media analysis

Study: New York Times Less Likely Than Chicago Tribune to Treat Gays Like Moral Pests

What I noticed popped up often in Judge Vaughn Walker’s 138-page Prop 8 ruling was how often he used the phrase “gays and lesbians” instead of the more clinical “homosexuals.” A gay man would do that, wouldn’t he? But of course Walker’s opinion isn’t the only place where language matters. If you look at both the New York Times and the Chicago Tribune, you’ll notice the two papers have a wholly different view on your LIFESTYLE.

A new study published in The Social Science Journal looks at each newspaper’s coverage of The Gays between 2003-04 and finds:

“The New York Times was inclined to emphasize the topic of human equality related to the legitimization of gay marriage,” writes the research team, led by Po-Lin Pan of Arkansas State University. “The Chicago Tribune highlighted the importance of human morality associated with the gay-marriage debate.”

The researchers analyzed the content of each paper’s coverage of the issue during the year before and the year after the Nov. 18, 2003 Massachusetts ruling that legalized gay marriage in that state. A total of 120 news stories were studied to determine their approach to the topic, the tone of the writing and the types of sources who were quoted.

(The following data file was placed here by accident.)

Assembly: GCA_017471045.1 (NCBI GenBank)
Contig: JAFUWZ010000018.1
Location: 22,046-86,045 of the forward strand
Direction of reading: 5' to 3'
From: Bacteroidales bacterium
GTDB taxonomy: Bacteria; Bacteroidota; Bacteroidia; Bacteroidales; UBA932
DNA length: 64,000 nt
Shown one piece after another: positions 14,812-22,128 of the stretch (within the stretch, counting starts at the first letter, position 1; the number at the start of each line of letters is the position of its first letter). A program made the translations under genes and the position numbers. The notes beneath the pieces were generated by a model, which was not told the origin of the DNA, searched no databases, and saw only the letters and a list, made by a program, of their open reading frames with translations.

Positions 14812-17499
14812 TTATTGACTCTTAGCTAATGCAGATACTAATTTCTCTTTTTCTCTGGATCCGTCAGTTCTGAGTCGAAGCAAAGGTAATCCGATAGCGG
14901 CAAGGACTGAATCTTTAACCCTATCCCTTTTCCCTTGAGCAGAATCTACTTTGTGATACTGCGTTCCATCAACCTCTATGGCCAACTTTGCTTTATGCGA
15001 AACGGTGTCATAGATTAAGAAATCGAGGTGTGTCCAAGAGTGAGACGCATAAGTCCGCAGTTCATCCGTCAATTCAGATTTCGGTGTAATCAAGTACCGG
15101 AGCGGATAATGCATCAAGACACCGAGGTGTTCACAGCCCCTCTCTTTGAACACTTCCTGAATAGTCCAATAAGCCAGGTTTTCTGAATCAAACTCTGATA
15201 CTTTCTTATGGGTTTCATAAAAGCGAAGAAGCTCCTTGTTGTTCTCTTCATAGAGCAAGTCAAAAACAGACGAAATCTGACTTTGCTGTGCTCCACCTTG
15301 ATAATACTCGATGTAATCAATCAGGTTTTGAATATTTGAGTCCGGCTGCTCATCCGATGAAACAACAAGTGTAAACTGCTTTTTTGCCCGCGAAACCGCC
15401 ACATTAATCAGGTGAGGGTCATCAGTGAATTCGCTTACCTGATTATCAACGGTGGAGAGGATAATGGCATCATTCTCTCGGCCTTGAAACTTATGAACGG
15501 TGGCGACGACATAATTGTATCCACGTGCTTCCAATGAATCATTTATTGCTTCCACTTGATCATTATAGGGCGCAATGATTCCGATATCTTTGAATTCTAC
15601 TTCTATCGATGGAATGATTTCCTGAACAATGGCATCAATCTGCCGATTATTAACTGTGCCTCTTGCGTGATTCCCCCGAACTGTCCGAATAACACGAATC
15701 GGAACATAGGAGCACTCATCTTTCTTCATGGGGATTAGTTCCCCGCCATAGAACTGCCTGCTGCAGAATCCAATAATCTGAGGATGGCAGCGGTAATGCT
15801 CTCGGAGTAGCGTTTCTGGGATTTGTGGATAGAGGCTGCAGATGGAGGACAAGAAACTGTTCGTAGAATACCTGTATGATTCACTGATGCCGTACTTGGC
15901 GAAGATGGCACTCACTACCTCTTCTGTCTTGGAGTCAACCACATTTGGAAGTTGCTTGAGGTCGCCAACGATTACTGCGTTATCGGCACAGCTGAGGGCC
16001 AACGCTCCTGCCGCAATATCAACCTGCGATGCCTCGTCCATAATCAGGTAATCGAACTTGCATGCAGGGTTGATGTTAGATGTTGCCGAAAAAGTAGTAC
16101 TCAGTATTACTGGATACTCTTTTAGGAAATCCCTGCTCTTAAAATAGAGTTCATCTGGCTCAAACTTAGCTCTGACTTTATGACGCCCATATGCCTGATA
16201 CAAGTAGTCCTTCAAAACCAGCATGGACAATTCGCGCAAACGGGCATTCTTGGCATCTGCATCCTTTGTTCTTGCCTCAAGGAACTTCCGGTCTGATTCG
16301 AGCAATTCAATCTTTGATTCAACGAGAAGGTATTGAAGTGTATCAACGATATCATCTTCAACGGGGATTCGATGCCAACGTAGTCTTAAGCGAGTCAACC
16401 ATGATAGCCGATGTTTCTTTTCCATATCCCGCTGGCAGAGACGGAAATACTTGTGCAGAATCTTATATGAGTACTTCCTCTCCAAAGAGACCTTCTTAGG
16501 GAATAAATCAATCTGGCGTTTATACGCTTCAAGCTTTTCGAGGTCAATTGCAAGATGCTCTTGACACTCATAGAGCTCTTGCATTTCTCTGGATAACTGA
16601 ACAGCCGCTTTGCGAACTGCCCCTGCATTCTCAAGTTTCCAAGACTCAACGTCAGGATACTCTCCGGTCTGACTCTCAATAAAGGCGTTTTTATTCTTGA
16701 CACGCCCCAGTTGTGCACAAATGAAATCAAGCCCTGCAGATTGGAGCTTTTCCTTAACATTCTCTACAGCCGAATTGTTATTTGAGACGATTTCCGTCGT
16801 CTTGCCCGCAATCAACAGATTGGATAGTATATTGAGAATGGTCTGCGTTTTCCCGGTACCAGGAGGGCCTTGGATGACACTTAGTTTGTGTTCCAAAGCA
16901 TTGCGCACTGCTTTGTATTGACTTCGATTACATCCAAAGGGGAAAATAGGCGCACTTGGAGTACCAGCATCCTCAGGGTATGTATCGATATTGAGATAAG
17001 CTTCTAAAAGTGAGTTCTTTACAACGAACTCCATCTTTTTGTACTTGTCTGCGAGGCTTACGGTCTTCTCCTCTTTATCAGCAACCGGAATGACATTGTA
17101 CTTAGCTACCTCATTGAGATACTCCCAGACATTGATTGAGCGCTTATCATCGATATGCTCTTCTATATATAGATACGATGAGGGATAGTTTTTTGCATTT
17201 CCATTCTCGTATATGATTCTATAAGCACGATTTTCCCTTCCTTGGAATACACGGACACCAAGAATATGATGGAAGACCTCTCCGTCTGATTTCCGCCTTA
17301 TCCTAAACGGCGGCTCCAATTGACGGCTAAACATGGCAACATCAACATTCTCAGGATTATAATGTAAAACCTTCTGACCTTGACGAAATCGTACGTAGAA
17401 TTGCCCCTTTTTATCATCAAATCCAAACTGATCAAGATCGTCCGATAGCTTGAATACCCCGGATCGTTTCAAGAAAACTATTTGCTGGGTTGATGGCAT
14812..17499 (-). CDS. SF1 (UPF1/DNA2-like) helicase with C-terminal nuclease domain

Their overall conclusion: “The New York Times embraced the issue of human equality, while the Chicago Tribune attempted to emphasize American family values in the debate over gay marriage.” Specifically, 33 percent of sampled stories in the Times focused on equal rights, compared to 19 percent in the Tribune.

To break things down even further, Miller-McCune explains:

Stories focusing on “American tradition and family values” made up 17.5 percent of the Times’ coverage, and 22.2 percent in the Tribune. Religious attitudes toward the topic were emphasized in 12 percent of the Times stories but nearly 20 percent of those in the Tribune.

In the year after the Massachusetts ruling, the Times coverage changed in one dramatic way: The newspaper quoted far more people who were identified as gay. Twenty percent of sources quoted in gay marriage-related stories were identified as gay, compared to 5.4 percent during the year before the ruling. The Tribune, in contrast, was more consistent. Before the ruling, 10.9 percent of sources in gay marriage-related stories were identified as gay; after the ruling, the number rose slightly to 11.8 percent.

Conclusion? Passing same-sex marriage laws makes me no more inclined to read a physical newspaper.

[Note: Yes, we realize the photo is of the Times‘ magazine and not the actual paper, but it was the best photo illustration, OK?!]